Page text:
This doesn’t mean that we have to nail down every last gram of impact and get some kind of complicated analysis of every little thing we do. It also doesn’t mean that because the answers can’t be exact most of the time, we should give up on counting carbon. It just suggests that the most useful approach is to understand carbon footprint numbers as guidelines and to make the best decisions we can based on those guidelines.

For example, it’s next to impossible to quantify exactly what the footprint of manufacturing and transporting a solar array is, or to know the potential footprint of the electricity the array replaces (though it’s often safe to assume it’s from coal, for reasons explained in the book). At the same time, it’s easy to see from even rough calculations that regardless of where these numbers land exactly, installing an effective solar array makes for a huge reduction in carbon footprint.

Annoyingly (to me, anyway), Berners-Lee is not much of a booster of solar power for reasons essentially unrelated to its carbon impact, and I think his analysis on that point is off-target. This is one of my many minor peeves about the book, yet on the whole it’s extremely useful. I hope to cover more of both its good and bad points in future posts. In the mean time, if you’re at all interested in understanding your personal impact on the climate–and everybody else’s, for that matter–may I suggest you buy the book?

*Like Berners-Lee and many other people who discuss the subject, I use the term “carbon footprint” as shorthand for “carbon dioxide equivalent,” which is to say the impact of all greenhouse gases, all of which can be calculated as being equivalent to a certain amount of carbon dioxide (CO2) in the atmosphere. While there are a variety of greenhouse gases, CO2 is the most abundant, though it’s not as damaging gram for gram as most of the others. Anyway, it’s unnecessarily complicated in most situations to talk about “carbon dioxide footprint, nitrous oxide footprint, methane footprint, and refrigerant footprint” and then to have to do a bunch of extra math from there when we can just use conversion factors and talk about “carbon dioxide equivalent.”

Photo by liknes

We’re Eating Oil–Literally

plastic_food

I came across a disturbing statistic today: ten to one. This was in Bill McKibben’s book Eaarth: Making a Life on a Tough New Planet:

It takes the equivalent of four hundred gallons of oil annually to feed an American, and that’s before packaging, refrigeration, and cooking. In 1940, our food system produced 2.3 calories of food energy for every calorie of fossil fuel it consumed. Now, says Michael Pollan, “it takes ten calories of fossil energy to produce a single calorie of modern supermarket food. Put another way, when we eat from the industrial food system, we are eating oil and spewing greenhouse gases.”

I think I had actually read this once before and been disturbed by it then, but at the time I was still in blissful ignorance of how fast and how hard climate change would be coming down on us. Reading it this time was painful–but it also made clear an enormous opportunity. Look at this information from a 2009 sustainability report from NYU:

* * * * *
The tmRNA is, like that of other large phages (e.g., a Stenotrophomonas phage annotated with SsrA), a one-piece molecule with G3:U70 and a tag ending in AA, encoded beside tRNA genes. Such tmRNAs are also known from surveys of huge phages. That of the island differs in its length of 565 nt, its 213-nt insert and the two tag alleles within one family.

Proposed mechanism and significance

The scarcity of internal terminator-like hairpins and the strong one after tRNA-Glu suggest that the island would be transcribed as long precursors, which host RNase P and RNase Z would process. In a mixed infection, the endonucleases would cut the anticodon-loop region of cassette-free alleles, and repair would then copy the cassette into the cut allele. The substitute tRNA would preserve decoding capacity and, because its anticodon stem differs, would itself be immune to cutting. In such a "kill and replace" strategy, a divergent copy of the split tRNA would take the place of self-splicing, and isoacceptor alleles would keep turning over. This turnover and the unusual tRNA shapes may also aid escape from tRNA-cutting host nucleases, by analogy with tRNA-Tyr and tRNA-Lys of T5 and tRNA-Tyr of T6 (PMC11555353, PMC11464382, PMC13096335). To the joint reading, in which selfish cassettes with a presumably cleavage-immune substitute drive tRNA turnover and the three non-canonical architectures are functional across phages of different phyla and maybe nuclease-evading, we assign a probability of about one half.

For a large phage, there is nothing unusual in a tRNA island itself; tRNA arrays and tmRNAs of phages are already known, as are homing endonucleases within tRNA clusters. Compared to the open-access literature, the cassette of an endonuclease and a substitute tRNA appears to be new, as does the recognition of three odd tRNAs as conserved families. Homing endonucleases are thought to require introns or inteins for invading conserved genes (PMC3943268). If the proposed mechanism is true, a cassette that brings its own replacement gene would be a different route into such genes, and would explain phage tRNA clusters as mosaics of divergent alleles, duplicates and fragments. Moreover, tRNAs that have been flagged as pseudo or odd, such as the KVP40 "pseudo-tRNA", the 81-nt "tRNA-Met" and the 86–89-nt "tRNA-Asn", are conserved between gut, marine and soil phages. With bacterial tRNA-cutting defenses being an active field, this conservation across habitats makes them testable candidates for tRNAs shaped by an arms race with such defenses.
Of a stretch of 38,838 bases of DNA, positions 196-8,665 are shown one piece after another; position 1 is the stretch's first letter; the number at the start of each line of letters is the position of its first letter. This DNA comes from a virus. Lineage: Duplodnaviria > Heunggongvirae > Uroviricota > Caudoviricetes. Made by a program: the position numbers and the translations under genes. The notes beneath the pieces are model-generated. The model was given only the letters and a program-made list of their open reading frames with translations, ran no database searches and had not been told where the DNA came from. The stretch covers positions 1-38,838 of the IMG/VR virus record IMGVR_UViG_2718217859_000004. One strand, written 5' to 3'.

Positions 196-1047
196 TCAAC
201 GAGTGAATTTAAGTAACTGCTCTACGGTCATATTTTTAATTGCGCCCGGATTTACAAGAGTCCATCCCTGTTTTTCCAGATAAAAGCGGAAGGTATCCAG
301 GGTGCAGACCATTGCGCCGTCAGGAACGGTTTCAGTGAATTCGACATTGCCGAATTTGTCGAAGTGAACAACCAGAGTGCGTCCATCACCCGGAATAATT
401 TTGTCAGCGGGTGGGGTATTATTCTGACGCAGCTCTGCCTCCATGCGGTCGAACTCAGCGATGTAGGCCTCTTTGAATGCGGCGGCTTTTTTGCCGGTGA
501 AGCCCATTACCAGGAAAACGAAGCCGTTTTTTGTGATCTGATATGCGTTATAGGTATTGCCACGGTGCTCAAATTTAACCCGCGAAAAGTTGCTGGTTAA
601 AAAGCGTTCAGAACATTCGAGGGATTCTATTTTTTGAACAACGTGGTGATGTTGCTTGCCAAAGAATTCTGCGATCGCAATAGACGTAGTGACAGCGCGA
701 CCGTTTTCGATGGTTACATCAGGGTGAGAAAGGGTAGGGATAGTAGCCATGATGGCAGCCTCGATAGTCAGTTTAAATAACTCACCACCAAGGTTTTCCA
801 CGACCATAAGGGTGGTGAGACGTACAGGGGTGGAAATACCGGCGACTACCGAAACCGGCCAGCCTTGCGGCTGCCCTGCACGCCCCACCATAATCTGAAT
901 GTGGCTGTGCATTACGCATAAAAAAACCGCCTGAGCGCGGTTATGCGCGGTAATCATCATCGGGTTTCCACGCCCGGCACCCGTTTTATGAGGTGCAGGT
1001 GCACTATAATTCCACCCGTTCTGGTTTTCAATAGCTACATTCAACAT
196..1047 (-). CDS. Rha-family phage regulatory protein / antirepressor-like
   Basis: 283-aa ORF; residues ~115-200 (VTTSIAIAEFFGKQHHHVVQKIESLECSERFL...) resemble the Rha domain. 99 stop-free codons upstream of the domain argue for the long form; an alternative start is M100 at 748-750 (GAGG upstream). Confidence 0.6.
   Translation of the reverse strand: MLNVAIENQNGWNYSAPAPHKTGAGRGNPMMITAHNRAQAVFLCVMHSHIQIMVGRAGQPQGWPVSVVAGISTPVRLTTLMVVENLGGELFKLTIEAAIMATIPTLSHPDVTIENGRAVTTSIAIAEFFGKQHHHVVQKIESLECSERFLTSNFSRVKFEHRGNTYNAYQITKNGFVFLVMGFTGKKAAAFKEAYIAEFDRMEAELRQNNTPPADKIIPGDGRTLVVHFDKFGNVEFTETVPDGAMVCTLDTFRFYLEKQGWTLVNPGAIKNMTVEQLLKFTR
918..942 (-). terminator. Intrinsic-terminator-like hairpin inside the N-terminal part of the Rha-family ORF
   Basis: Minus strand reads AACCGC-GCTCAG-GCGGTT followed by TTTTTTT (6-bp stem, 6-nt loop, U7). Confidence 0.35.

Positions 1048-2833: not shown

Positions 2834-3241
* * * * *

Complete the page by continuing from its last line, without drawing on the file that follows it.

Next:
A 2002 study from the John Hopkins Bloomberg School of Public Health estimated that, using our current system, three calories of energy were needed to create one calorie of edible food. And that was on average. Some foods take far more, for instance grain-fed beef, which requires thirty-five calories for every calorie of beef produced. What’s more, the John Hopkins study didn’t include the energy used in processing and transporting food. Studies that do estimate that it takes an average of 7 to 10 calories of input energy to produce one calorie of food.

So that’s painfully depressing. It’s at least possible to imagine not driving a car everywhere and turning off extra lights, but how exactly do we survive without eating?

Fortunately, as I said, there’s a huge opportunity there–three, actually.

  1. Because most food production energy goes into transportation and packaging, eating local, minimally-packaged foods drastically reduces their negative environmental impact.
  2. The figures above are for mainly conventional farming methods. Sustainable methods have a much lower impact.
  3. Eating lower on the food chain (less red meat, more beans and veggies, etc.) also greatly reduces environmental impact.

I’m ridiculously relieved that there’s at least something I can do about this. We’re already following some of these practices, but it looks like this will be the first area of changes for our family, tentatively: going localvore, reducing packaging, and eating low on the food chain. We were going in the right direction, but we need to step our efforts way up. We can do that. Actually, practically everybody could do that. I wish everybody would–but I’d better start with myself.

Photo by C Jill Reed